As I have noted in several posts before, Maria Mitchell was grossly underpaid for her work, as was Alida Avery though she would later be paid a bit more. The Trustees of Vassar College used Maria Mitchell’s housing situation to claim her smaller pay – she lived in the Observatory with her father (thus having “two homes”) while everyone else lived in Main Building. They claimed she had a private residence – with all her students studying and observing on top of her she had no privacy in her “own” home – and her building also used a lot of coal! This was a constant battle for Maria. When they did increase the salaries of Alida Avery and Maria, the Trustees raised the room and board fee on the two women! Equal pay for equal work was frankly never settled for these women. Today, it still isn’t as we have been seeing it screaming in headlines as women athletes are stepping up – such as women soccer players. Ever noticed how professional women basketball players need to have jobs outside of basketball? The men don’t! In 1878, under a new president, Maria presented a summary of the salary disputes to a Vassar trustee and in this summary it was revealed that both Maria and Alida Avery were so upset by the discrepancy they thought about resigning from the College. Vassar would have been a very different place without these two women.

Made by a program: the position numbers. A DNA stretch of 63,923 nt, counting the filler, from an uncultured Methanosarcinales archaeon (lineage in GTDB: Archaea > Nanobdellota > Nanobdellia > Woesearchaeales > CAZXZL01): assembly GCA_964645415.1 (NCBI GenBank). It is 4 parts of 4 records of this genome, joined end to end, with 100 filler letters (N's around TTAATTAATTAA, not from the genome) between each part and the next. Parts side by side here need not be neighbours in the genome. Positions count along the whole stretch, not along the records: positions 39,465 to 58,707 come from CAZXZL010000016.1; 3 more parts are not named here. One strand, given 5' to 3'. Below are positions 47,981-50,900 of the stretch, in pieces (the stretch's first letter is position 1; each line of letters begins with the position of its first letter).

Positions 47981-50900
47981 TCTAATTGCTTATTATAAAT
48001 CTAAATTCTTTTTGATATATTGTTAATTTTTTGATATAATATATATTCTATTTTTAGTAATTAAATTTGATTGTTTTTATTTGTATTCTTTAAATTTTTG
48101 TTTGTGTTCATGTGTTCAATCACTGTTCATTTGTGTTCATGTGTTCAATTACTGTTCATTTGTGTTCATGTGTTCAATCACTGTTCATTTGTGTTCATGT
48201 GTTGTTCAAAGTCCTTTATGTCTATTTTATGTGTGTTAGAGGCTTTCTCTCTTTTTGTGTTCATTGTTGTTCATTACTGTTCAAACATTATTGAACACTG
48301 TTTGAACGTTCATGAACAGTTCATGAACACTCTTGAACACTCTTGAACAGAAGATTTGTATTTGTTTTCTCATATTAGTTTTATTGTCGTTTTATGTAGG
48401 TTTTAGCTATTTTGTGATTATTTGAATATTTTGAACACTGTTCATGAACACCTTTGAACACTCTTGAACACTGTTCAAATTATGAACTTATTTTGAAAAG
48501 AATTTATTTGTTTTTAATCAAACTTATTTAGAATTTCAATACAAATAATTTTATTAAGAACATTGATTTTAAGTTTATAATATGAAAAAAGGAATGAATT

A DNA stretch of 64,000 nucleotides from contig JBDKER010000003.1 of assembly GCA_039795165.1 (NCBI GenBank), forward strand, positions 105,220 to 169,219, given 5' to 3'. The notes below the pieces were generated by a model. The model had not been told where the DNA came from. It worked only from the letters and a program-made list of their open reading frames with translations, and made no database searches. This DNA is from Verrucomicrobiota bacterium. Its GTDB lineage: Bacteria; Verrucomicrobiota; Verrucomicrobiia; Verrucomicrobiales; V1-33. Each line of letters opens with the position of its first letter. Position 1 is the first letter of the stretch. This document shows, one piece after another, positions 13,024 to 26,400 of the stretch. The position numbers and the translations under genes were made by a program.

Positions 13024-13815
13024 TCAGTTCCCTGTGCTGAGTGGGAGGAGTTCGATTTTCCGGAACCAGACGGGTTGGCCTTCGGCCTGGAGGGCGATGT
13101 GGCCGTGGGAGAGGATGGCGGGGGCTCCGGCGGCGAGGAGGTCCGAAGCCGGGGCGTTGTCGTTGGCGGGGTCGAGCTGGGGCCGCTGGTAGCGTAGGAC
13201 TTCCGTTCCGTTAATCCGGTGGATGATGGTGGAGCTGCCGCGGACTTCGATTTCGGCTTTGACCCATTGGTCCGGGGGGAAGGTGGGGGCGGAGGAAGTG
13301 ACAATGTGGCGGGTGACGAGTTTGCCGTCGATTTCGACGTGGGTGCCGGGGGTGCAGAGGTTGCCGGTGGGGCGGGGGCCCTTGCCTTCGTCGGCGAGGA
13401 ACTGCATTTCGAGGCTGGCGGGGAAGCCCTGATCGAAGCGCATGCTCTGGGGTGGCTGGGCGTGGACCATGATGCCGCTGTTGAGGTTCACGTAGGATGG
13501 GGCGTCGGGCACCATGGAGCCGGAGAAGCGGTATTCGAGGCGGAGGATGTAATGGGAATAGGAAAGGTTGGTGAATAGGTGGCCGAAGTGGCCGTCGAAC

Eric from Toscana in the beginnings of a dry well hole.
Feast your eyes on these photographs! Thanks to Toscana and Marden Plumbing, we now have a new sewer connection at 2 Vestal Street – our soon to be new Research Center! Additionally, Toscana has been creating a new drainage system for 2 Vestal Street and our Natural Science Museum at Hinchman House located adjacent to 2 Vestal. We also need to thank the engineers who designed the system, Blackwell and Associates, and to our ever wonderful landscaper and his crew – Greg of Greg Maskell Landscaping – who came in to remove landscaping right before Toscana moved in. Thank you!! The drainage system will pull the water away from the Research Center into several dry wells and it will also pump water away from Hinchman House where it tends to flood down by the pond in heavy rain. The ditch that was dug for the drainage was about eight to nine feet deep. A foot of gravel was laid, then the plastic (orange) chambers put in, then more gravel to about two feet below the top, then sand, then fabric, then more dirt, and then hopefully a restored lawn! So, once we get a new roof on Hinchman and new gutters, it will be a nicely sealed envelope there too.